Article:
Thursday, 26 March 2009

a controlled rolling grunt

Anyone who studies phonetics at a British university, and no doubt in many other countries too, has to learn to recoɡnize and produce a number of “difficult” or “exotic” consonants, among them the one that we transcribe ʕ, which is classified on the IPA Chart as a voiced pharyngeal fricative. Here’s what it sounds like (from Ladefoged’s website).
For a language that includes this sound, people usually think first of all of Arabic, where the sound associated with the letter ع (ʿayn) has traditionally been classified by phoneticians as a voiced pharyngeal fricative and written ʕ. (The IPA symbol was chosen to be reminiscent of the top half of the Arabic letter.)
However, Robin Thelwall argued in 1990 (JIPA 20.2:37-41) that the Arabic sound is not actually a pharyngeal fricative but a pharyngealized glottal stop. I think he is probably right. When pronounced by native speakers of Arabic, it often seems to involve, as well as a constriction in the pharynx, a momentary cessation of the vibration of the vocal folds.
The Hebrew alphabet, too, includes a letter ayin (ע), which in some kinds of Hebrew is pronounced in the same way. Apparently this was its historical pronunciation, but nowadays many Israelis just pronounce it as a glottal stop, ʔ (which also has its own letter in the Hebrew alphabet, aleph א).
The foregoing discussion assumes that you, the reader, have enough familiarity with phonetic terminology and classification to be able to follow it. I hope you do. Those who don’t are forced into inventive but incoherent descriptive attempts such as this one that a correspondent came across in a wiki about Hebrew. He sent it to me as a “gem for your collection of examples of the complete inability of the phonetically naive to describe speech sounds”.
Ayin is not pronounced the same as Aleph. Ayin has a gutteral sound
applied to it, a gutteral sound void of tonality almost a controlled
rolling grunt.
My correspondent commented
I don't mean to mock people for knowing nothing about phonetics, but the sheer desperate inventiveness (and uselessness) of the description was striking.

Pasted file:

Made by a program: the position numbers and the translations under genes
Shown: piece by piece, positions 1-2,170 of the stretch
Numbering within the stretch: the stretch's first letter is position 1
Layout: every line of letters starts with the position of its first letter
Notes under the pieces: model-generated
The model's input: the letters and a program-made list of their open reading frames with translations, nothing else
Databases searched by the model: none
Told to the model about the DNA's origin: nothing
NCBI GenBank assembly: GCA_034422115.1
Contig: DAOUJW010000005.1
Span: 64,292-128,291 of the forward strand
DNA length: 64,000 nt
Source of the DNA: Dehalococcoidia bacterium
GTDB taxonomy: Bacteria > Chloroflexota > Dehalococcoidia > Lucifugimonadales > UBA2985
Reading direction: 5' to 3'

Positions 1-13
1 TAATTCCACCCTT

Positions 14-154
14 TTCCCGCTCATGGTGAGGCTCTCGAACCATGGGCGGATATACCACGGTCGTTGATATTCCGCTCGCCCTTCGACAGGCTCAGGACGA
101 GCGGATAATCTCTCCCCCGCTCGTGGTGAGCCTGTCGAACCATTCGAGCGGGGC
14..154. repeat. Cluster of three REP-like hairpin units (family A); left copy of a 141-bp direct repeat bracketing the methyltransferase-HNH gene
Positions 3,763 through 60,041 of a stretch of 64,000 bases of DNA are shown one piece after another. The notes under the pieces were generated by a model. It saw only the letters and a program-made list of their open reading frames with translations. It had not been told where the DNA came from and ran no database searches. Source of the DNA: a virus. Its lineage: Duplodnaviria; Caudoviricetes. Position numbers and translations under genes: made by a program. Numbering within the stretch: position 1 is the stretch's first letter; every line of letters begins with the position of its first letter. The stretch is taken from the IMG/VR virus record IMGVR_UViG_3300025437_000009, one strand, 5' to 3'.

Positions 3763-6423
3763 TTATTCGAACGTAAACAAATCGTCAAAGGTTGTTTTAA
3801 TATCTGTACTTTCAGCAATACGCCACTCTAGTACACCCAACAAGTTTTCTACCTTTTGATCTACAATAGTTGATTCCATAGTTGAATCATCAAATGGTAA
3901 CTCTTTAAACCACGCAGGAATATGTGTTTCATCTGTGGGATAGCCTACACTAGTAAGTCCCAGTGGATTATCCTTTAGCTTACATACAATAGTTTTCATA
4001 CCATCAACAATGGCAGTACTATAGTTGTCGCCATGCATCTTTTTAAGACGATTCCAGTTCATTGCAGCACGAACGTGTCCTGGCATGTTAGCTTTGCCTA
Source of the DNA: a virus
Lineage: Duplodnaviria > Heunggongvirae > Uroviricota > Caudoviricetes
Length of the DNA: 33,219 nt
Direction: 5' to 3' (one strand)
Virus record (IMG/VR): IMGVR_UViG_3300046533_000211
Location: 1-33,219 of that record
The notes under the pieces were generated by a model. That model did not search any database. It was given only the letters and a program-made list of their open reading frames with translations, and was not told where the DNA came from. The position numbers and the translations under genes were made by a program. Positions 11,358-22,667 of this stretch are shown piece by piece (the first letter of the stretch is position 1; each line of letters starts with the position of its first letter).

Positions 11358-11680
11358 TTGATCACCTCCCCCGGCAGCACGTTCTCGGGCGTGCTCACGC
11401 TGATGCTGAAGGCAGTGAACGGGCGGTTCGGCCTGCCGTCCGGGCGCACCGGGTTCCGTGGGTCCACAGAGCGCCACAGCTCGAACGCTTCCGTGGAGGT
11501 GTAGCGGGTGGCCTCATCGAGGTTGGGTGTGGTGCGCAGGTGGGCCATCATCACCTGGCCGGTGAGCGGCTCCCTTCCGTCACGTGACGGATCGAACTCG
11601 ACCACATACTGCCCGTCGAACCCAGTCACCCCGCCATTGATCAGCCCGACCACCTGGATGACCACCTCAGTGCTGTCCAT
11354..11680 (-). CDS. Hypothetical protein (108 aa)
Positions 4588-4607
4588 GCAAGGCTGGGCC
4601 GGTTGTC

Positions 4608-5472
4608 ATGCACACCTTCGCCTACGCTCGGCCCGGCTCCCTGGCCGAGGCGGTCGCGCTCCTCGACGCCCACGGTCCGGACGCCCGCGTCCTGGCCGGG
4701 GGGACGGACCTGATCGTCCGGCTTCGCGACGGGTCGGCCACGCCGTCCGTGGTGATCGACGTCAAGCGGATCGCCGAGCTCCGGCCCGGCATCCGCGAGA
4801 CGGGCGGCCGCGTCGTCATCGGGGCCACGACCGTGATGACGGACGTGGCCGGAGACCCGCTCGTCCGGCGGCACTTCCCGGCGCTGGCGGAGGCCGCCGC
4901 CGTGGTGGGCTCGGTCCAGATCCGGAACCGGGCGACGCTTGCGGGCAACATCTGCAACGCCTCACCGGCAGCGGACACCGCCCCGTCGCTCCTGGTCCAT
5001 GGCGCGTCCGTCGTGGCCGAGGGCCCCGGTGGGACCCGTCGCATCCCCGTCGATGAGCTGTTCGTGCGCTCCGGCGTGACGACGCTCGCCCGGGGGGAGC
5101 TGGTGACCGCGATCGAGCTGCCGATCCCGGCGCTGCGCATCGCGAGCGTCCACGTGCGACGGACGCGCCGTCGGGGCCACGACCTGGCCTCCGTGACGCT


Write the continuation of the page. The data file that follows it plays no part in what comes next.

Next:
1. I once read a rather ad-hoc description of how to pronounce ‛ayn: Sing the lowest note you can, then sing one note lower.

    It sort of works.

  2. When I studied Hebrew, I was told to sound like in the moment before vomiting were a good aproximation.

  3. When I embarked upon learning Arabic, I made the mistake of trusting the book and not my ears. My teacher from Algeria was completely dissatisfied with my attempts at /ʕ/ as a voiced counterpart of /ħ/. I made some progress only when I forgot about pharyngeal fricatives and tried to reproduce what I heard, that is, no friction. So yes, I'm inclined to agree that Thelwall is probably right. His paper is on my to-read list now, and I hope it will answer my many questions, such as, if /ʕ/ is indeed a pharyngealized glottal stop, why is it so remarkably stable, while the regular glottal stop was lost in most of Arabic well before Muhammad's time?

    At least to my Italian ear, the most audible effect of /ʕ/ is to lengthen and distort the neighbouring vowels in a set of characteristic ways, and it seems that those distortions are enough to make oneself understood. Usual transcriptions, imprecise as they are, go this way: the aa in “Amin Maalouf”, أمين معلوف, the Lebanese author, stands for /aʕ/; the au in “Saudi”, سعودي, stands for /uʕuː/; the ae in “al-Qaeda”, القاعدة, stands for /aːʕi/, where I simply hear [ɑːe] but infer the presence of /ʕ/ by the absence of [j] or [ʔ]; the ei in “eid”, عيد, a Muslim holiday, stands for /ʕiː/; this word is used in Maltese for “Easter”, L-Għid il-Kbir, “The Great Holiday”, [lɐɪdilk'bir]. I think the Maltese were right in keeping in their spelling, it is much easier to follow templatic morphology voodoo with it. On the other hand, when I started producing a very Italian [ajd] for that word, my teacher was dissatisfied again: the /iː/ had to be kept long and stressed, in order to sound standard. Apparently, I had to think that the initial [a] or [ə] I heard was the realization of /ʕ/! This was like saying that, in non-rhotic English [skweə], [ə] is a realization of /r/... most of you would object to this analysis, but my late English teacher successfully used it to help our class get rid of our Italian [r]'s.

    With this in mind, it becomes clearer why /ʕ/ was traditionally classified as a continuant, and why its letter was consistently used for vowels in non-semitic alphabets: Phoenician ‘ayin was used for Greek (and Latin) o, just as its Hebrew counterpart ע was used for Yiddish e. (But Italian Jews replaced pharyngealization with nasalization: their historical pronounciation of Hebrew ע is [ŋ] or even [ɲ]…)

    I am looking forward to reading Thalwell's paper. No library in town has a JIPA subscription, even though we have three universities, including the one that employs me. I'll have to resort to my budget for amateur linguistic research…

  4. John,
    nice to see chickens coming home to roost after nearly twenty years. I now teach Anthropology at the U of Calgary. Can't figure out how to post except "anon" - Robin Thelwall am on Uni email

  5. Fernando Lamadrid20 December 2009 at 05:28

    To me, the Ladefoged sample sounds like a Uvularized pharingeal fricative, [ʕʶ].